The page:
Anyone who has glanced at a story about energy development in Canada these days knows it doesn’t take long for social media trolls to swarm about like angry wasps at a picnic.
It has led to a bitter divide with two solitudes scrapping over issues such as oil development, fracking, the need for pipelines and climate action.
“Whenever I get frustrated with what’s going on on social media, watching Twitter and Facebook … you think, ‘My God, what is going on here, why can’t we get along?’ ” federal Natural Resources Minister Amarjeet Sohi said Tuesday at the Energy Futures Lab Summit in Calgary.
“What I am hearing on social media is not the reality of people.”
There’s a good reason reality isn’t accurately reflected on Facebook or Twitter posts when it comes to such issues.
It’s often an illusion, with the polarization being deliberately over-amplified by social media trolls and bots.
An illuminating CBC report this week analyzed more than 21,000 tweets from so-called troll accounts deleted by Twitter that had set their sights on Canada, including the pipeline debate.
The report pegged 245 accounts for re-tweeting messages about pipeline stories, such as the battle over the Keystone XL project, circulating media articles and re-tweeting accounts from anti-oilsands activists.
According to the report, the foreign accounts are suspected of being based in Iran, Russia and Venezuela.
It’s likely no coincidence these countries produce large amounts of oil and gas. Twitter bots looking to fan the flames of division would have an obvious self-interest in seeing Canada’s resources remain landlocked amid infighting within this country.
“These foreign interests are trying to shape public opinion here in order to influence government decision-making to harm our natural resource industry,” said Conservative MP Jamie Schmale, the party’s deputy natural resources critic.
“This has to be stopped.”
I doubt it can be stomped out easily (although Twitter and Facebook are trying) but what’s just as important is to identify the practice in the first place and shine a light on the matter.
A few hours after lamenting the polarization over the country’s energy development, Sohi was asked about the effect of these foreign actors on social media trying to sway Canadian policy debate.
“It’s always concerning when you have people from outside of your country trying to influence the decision-making. There is a legitimate way of doing that, and that’s through diplomacy and other venues and avenues,” Sohi told reporters.
“Misinformation and information that is not based on facts is never healthy for any democratic process to take place.”
The CBC report comes less than a year after a U.S. House of Representatives committee study pointed the finger at Russian players attempting to shape debate on energy and pipelines in America through social media.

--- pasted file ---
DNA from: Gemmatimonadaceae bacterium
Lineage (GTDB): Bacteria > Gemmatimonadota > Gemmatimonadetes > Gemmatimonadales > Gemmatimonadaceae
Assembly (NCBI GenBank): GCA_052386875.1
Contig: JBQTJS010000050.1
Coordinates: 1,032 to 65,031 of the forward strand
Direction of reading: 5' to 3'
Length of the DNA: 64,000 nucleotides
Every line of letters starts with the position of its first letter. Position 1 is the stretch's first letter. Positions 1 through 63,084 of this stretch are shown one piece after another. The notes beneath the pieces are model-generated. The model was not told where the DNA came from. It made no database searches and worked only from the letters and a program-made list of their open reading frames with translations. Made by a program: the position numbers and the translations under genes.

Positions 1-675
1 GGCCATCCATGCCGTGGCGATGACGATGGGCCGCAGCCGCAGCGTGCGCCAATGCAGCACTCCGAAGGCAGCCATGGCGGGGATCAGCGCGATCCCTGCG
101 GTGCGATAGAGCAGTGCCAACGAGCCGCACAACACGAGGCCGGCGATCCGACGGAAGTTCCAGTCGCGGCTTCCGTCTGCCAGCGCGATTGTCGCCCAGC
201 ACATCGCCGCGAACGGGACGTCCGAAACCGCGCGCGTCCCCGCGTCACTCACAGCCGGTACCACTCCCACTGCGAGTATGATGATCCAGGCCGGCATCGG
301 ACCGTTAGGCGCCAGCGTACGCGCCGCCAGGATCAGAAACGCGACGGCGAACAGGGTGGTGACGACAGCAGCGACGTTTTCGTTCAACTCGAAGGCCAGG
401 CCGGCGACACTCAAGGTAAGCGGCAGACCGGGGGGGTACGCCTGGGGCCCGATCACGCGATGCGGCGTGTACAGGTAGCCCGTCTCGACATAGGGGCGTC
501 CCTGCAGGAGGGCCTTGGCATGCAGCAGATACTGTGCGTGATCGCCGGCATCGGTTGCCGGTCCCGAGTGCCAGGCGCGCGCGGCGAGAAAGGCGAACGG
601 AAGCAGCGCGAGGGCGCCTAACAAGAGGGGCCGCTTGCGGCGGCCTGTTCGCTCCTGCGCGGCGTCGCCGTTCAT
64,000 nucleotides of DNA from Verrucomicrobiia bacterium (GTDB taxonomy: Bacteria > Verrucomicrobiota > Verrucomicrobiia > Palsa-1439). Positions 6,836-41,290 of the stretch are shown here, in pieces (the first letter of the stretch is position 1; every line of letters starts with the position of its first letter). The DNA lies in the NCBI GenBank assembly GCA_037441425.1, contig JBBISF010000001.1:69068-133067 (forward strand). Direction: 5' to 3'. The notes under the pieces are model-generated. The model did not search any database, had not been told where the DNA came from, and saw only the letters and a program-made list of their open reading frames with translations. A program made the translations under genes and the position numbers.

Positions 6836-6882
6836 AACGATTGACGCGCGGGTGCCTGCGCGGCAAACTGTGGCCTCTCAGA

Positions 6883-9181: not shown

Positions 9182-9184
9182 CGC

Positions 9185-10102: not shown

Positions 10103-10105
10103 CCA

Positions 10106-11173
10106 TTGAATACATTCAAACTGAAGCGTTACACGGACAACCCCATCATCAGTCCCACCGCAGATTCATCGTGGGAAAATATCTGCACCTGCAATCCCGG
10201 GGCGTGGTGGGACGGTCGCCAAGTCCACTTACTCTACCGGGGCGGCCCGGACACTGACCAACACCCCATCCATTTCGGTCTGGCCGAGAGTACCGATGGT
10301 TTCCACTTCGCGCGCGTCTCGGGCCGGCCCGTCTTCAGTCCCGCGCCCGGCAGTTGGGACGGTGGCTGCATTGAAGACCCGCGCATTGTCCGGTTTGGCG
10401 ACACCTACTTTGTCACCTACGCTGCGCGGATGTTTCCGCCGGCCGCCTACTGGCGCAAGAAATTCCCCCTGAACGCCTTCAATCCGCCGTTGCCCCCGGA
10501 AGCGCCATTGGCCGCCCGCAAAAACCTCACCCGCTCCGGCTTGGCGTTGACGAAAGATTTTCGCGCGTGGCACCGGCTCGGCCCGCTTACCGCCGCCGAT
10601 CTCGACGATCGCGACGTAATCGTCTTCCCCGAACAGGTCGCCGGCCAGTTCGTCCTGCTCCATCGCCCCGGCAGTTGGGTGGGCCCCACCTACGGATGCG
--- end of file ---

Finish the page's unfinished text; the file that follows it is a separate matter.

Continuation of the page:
There are also important questions being raised by researcher Vivian Krause about foreign funds flowing from U.S. groups to anti-pipeline forces in Canada, in an overt attempt to stop the fossil fuel sector in its tracks.
I’m not naive enough to think Canada has attained unanimity on contentious issues such as approving major industrial projects, regulating pipelines (including the debate over Bill C-69) or meeting our climate-change goals.
Protests in Burnaby over the Trans Mountain expansion — now owned by the government of Canada — or the pro-pipeline rallies across Canada illustrate that deep divisions exist.
Yet, we shouldn’t be so trusting to think outside forces aren’t trying to manipulate the debate to their own ends, and to Canada’s detriment.
We also shouldn’t give up on building energy developments deemed to be in the national interest, such as the Trans Mountain expansion or the LNG Canada development.
“The very unfortunate situation that we’re facing in our country is the ongoing polarization around energy. It doesn’t have to be that way,” Sohi told the crowd in Calgary.
“Our strength as Canadians (is) when we start, not ignoring, but understanding the polarization is happening on the fringes of the conversation.”
The fringes shouldn’t be allowed to dominate the landscape and block every pipeline project from moving ahead, either.
A poll last month by the Angus Reid Institute highlighted the majority of Canadians — almost two-thirds — identified oil and gas as one of the most critical economic sectors to the entire country.
It found 69 per cent of Canadians say the country will face a considerable or significant economic impact if no new oil pipelines are built.
And 52 per cent support both the Trans Mountain and now-cancelled Energy East project being constructed, while 19 per cent oppose both.
There are divisions by gender, age and region, but polls show support is growing in Canada for projects such as Trans Mountain.
Shachi Kurl, the institute’s executive director, noted three-quarters of Canadians view climate change as posing a serious threat to the planet, while 60 per cent believe the lack of new oil pipelines represents a crisis in the country.
“When we talk about the energy debate, there is tremendous polarization, but we are also starting to see the needle move on certain files that is getting us to a more consensus-oriented place,” she added.
“The people on the extremes of the debate . . . tend to capture the most attention.”
Canada is facing a heated debate when it comes to issues such as pipelines and oil and gas development.
But let’s also consider the sources of the friction when deciding what’s in the best interests of Canadians and how we develop our energy in the future.
Chris Varcoe is a Calgary Herald columnist.
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